ALAMEDA -- David Ausberry was poised to win the starting tight end job for the Raiders last summer before a nasty shoulder injury ended his year in the preseason.
Ausberry is back healthy and once again making a bid to seize that job after Oakland let starter Jeron Mastrud leave in free agency and chose not to add any other proven tight ends.
This well could be the last chance for Ausberry, who has shown flashes of being a legitimate NFL tight end but has not done it consistently enough in his first three NFL seasons.
"It's one of those things I try not to think about too much," Ausberry said. "My job is to get on the field and be productive and do what I can do to help this team."
Ausberry, a seventh-round pick in 2011, had nine catches his first two seasons. He appeared to be the leader last training camp for the starting job before taking an awkward fall in an exhibition game against New Orleans.
Ausberry chipped a bone in his left shoulder and also tore ligaments, leading to his eventual placement on season-ending injured reserve.
"It was really tough," he said. "Coming out and having a strong training camp from the beginning, it was tough to go down and watch everybody, but it's part of the game. You have to take it for what it is."
While the Raiders spent the offseason overhauling their roster at almost every position, the only additions at tight end were a pair of undrafted free agents.
That leaves Ausberry to compete with second-year players Mychal Rivera and Nick Kasa and practice squader Brian Leonhardt for the starting role.
Coach Dennis Allen said the lack of additions at that spot was not necessarily a strong vote of confidence in the returning players, saying it's impossible to address every need in the offseason. But he hopes one of the tight ends will emerge before the start of the season.
"I feel good about having some young guys at the tight end position and we're going to need those guys to step up," Allen said. "Somebody in that room has to step up and say they're the guy."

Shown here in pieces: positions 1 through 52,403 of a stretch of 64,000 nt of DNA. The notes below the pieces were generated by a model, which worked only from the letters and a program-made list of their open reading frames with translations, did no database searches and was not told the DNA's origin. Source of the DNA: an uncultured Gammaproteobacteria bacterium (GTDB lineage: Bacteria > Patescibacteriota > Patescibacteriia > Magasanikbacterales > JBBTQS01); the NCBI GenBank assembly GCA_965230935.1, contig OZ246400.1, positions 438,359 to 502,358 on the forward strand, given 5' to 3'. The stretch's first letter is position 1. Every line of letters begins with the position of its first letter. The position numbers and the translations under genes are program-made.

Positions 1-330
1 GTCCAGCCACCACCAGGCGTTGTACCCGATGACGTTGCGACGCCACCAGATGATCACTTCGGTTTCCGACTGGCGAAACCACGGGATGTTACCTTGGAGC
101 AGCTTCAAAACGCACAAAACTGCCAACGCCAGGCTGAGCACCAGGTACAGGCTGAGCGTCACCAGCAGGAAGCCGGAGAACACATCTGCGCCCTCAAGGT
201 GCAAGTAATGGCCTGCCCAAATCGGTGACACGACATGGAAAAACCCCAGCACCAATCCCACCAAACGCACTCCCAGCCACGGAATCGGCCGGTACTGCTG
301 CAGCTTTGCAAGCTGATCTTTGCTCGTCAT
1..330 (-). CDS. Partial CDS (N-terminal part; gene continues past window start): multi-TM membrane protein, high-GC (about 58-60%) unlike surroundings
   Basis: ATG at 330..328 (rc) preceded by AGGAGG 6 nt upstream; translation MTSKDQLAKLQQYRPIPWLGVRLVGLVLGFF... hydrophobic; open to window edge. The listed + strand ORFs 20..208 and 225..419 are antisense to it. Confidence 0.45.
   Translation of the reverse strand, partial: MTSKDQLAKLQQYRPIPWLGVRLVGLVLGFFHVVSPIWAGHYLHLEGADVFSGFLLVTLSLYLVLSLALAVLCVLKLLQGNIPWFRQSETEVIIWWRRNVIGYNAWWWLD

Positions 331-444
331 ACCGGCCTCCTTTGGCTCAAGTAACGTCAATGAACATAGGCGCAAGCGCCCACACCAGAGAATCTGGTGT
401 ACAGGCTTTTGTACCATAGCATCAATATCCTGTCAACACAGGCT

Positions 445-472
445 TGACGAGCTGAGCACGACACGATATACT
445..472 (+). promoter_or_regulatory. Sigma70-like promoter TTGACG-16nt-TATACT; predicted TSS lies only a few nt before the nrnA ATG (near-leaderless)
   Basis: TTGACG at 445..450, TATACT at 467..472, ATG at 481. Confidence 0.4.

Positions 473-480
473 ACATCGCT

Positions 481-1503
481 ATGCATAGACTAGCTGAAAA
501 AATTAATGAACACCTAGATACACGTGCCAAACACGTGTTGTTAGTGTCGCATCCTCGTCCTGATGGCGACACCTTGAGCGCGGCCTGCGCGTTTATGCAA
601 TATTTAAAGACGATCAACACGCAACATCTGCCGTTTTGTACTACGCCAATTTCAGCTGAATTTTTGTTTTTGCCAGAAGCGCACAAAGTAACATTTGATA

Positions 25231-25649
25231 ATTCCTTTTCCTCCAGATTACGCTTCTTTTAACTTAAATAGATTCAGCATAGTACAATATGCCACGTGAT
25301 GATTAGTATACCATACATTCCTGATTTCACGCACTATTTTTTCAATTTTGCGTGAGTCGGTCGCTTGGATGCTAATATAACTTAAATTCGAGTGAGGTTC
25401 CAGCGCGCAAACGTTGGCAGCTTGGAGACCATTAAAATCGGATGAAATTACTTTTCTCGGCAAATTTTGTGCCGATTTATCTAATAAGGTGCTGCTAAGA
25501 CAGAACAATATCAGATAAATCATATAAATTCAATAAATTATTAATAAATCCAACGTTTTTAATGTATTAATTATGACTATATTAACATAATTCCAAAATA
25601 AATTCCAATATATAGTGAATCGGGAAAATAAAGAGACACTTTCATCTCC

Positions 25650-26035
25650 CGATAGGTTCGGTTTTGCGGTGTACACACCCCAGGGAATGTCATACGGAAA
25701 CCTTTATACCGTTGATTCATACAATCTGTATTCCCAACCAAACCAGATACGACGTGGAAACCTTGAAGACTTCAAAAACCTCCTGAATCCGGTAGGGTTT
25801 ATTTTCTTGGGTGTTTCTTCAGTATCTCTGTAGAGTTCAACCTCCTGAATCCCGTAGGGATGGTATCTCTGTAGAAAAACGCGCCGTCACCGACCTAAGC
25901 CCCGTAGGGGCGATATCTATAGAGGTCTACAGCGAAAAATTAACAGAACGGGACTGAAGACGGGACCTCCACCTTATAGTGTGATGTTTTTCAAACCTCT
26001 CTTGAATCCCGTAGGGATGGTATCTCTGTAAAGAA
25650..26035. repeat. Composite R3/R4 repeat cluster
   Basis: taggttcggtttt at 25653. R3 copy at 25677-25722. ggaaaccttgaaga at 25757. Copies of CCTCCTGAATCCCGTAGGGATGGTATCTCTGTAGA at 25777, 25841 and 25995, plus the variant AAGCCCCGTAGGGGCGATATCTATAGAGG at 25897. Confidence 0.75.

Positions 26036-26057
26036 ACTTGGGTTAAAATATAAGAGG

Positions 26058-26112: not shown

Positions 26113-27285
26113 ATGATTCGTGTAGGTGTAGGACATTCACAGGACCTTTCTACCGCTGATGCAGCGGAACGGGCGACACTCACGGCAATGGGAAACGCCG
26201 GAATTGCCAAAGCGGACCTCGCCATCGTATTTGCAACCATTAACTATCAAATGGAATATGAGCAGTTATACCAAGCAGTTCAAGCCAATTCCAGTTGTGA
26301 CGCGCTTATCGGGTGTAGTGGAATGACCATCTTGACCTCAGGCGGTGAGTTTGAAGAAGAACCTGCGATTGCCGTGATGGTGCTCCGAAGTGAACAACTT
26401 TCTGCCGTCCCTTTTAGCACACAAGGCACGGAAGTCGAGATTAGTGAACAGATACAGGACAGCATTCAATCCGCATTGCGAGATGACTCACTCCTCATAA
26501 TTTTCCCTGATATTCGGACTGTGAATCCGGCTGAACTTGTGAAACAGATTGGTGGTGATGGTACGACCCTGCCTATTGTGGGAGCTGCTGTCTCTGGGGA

The tight end figures to be an important spot for the Raiders this season after they acquired Matt Schaub as their starting quarterback.
Schaub relied heavily on the tight end during his time in Houston, forming a strong partnership with Owen Daniels as he tried to do much of his work in the middle of the field. Schaub threw nearly 60 percent of his passes over the middle the past two seasons, according to game charting by Pro Football Focus, compared to less than half for Oakland last season when the tight ends combined for more than 45 catches.
"I watched film on him before he came. He likes the tight ends," Ausberry said. "He likes to use the middle of the field, so we'll be there for him."
The bigger test for Ausberry will be to prove he can handle the blocking role of a tight end, which has been a bit of a struggle at times for a player who was a wide receiver most of his college career.
Ausberry has added about 15 pounds to his frame since entering the NFL and now weighs close to 260 pounds. With the Raiders unable to get in pads for practice until training camp starts, Ausberry has been unable to prove he can handle the blocking load.
"It's one of those things where you can't really tell right now," he said. "We are not really in real football yet with no pads on. It's about technique, it's about being confident, it's about knowing your assignment. That's one of those things that I am working on right now."